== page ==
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Pipe v Coventry University

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Last updated 6th July, 2024.

The claimant’s disabilities made it difficult for him to get a PhD. The university required candidates for promotion to be on a pathway to a PhD or equivalent. It also required there to be a business case for the role. The claimant’s disability discrimination claims failed, because there was no business need in the relevant years, so that even without the PhD requirement he would not have been promoted.

Court of Appeal, [2024] EWCA Civ 191. Full decision: www.bailii.org/ew/cases/EWCA/Civ/2024/191.html

Facts

The claimant was a lecturer in journalism at the university, and wanted promotion. The university had introduced a policy of increasing the number of academic staff with doctorates. Its “Framework” for progression was based on (a) whether the applicant had met required standards, and (b) whether there was a business need (and a budget) for the role. Both were required.

One requirement under (a) was, broadly, that the applicant be on a pathway to a PhD or equivalent. (I call this the “PhD requirement”.) The claimant had ADHD and a sleep disorder, which made it difficult for him to get a PhD, or at least a “traditional” one.

In the years when the claimant applied for or requested a promotion, there was no business need for the role.

The employment tribunal (ET) said the claimant had failed to engage with the university in looking at ways he might meet the PhD requirement. (Note: However, this was not relevant to the elements of the decision I discuss below.)

Held: His disability discrimination claims under the Equality Act 2010 (EqA) failed, because he had not been treated unfavourably or put at a disadvantage in relation to his disability. Regardless of the PhD requirement, he would not have been promoted as there was no business need.

Reasonable adjustments (EAT)

His claim for reasonable adjustments did not get to the Court of Appeal. The Employment Appeal Tribunal (EAT) (bailii.org) dismissed his claim on this, as the PhD requirement did not put him at a substantial disadvantage. Any disadvantage he might have suffered as a result of the PhD requirement was simply irrelevant, as there was no business need for the role he was seeking. The position would therefore have been no different if he did not have the relevant disability. [EAT §132-133]

Causation under under s.15 (CofA)

Similarly, as to his claim under s.15 EqA (discrimination arising from disability), the Court of Appeal held that he had not been treated unfavourably “because of” something arising from his disability. The court said:

83. … The lack of a business case was a show-stopper. An able-bodied person who applied for promotion to grade 7 from the Faculty in 2017 and 2018, and an able-bodied person who applied from anywhere in the University in 2019, would have encountered exactly the same road-block, and would not have been promoted to grade 7. That meant that there was no room at all, as the ET found, for anything arising from Mr Pipe’s disability to play a causal role of any kind. …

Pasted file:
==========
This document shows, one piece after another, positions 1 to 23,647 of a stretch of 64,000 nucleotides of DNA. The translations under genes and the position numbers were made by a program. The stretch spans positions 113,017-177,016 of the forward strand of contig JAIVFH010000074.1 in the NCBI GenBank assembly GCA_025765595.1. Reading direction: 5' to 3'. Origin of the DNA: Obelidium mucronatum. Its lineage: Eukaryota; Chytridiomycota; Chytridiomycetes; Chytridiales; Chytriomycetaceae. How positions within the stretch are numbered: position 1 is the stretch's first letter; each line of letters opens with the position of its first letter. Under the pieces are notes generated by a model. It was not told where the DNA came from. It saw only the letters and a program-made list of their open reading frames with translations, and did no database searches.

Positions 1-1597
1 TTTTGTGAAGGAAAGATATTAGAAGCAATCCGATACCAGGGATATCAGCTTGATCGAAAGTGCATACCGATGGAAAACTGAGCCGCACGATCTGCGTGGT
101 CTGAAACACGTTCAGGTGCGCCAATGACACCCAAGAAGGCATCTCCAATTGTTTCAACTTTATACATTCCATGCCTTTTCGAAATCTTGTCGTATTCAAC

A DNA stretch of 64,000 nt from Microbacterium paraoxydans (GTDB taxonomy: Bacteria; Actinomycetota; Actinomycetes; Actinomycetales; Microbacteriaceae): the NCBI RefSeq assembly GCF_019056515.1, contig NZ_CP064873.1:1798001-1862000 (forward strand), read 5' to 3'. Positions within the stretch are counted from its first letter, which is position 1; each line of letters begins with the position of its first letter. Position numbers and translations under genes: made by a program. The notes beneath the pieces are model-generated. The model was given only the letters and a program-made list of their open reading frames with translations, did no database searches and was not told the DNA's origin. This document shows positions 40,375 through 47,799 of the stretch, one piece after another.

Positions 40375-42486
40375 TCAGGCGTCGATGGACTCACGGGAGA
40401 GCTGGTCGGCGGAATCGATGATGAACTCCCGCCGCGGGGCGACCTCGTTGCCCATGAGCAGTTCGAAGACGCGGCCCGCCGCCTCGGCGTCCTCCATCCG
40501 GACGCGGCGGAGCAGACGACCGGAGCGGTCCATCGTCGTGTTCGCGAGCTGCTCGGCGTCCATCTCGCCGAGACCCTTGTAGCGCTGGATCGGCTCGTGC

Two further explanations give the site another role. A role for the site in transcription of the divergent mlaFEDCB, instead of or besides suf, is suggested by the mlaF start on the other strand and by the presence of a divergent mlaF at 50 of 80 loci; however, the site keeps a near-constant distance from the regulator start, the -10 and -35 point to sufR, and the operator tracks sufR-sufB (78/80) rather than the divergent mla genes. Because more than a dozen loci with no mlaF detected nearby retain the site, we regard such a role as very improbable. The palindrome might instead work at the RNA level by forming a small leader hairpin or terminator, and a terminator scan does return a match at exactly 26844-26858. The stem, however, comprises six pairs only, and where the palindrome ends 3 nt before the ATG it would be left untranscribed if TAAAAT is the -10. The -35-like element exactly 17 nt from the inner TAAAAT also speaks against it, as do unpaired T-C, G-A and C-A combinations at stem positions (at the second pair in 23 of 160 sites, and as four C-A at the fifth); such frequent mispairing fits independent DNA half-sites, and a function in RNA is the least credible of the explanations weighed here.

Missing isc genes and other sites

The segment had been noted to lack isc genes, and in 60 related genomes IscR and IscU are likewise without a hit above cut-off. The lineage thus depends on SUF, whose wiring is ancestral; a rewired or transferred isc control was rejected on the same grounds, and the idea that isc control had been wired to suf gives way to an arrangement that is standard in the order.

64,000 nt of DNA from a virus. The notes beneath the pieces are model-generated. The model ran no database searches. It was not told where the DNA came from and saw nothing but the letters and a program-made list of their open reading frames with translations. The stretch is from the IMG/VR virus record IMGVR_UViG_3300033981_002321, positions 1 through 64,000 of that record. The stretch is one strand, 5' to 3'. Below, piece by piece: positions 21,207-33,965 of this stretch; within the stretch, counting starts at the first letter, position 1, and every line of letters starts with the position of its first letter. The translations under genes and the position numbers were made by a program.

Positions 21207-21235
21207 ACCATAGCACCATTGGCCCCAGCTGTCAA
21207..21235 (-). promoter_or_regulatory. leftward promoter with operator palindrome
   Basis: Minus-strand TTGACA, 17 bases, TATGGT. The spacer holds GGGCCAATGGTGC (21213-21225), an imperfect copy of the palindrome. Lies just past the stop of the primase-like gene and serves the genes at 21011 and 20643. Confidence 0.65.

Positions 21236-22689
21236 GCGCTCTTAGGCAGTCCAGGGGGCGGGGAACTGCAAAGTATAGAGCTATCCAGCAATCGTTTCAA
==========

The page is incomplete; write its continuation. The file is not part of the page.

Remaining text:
No disadvantage under s.19 (CofA)

For the same reason, the Court of Appeal held the PhD requirement did not put the claimant (and others with the same disability) at a “particular disadvantage”, so he could not claim indirect discrimination under s.19 EqA.

On the facts of this case, said the Court of Appeal, there was no difference of substance between the tests in s.15 (above) and s.19. It followed that the application of the two tests should lead to the same result. The court continued: “More fundamentally, however, the causal potency of the lack of a business case made the other requirements of the Framework causally irrelevant, so whatever causation test the ET had applied, that part of the claim would have failed.” [§85]

Justification

The Court of Appeal also rejected grounds of appeal relating to justification under ss.15 and 19, including arguments by the claimant that (on s.15) the lower courts elided the legitimacy of the aims of the Framework with the question of proportionality, and failed to consider the impact of the unfavourable treatment on the claimant. [§3, 87-91]

My comment

There are Employment Appeal Tribunal (EAT) decisions – not considered in Pipe – which seem to say that a reason arising from the disability can have a significant influence (so that s.15 applies) even if the unfavourable treatment would have happened without it. Pipe may just be saying, for example, that one can’t claim discrimination for not being appointed to a job which doesn’t exist, which would be consistent with those EAT decisions. Or Pipe may have wider application. For discussion, see Discrimination arising from disability>If unfavourable treatment would have happened even without the something arising from the disability?

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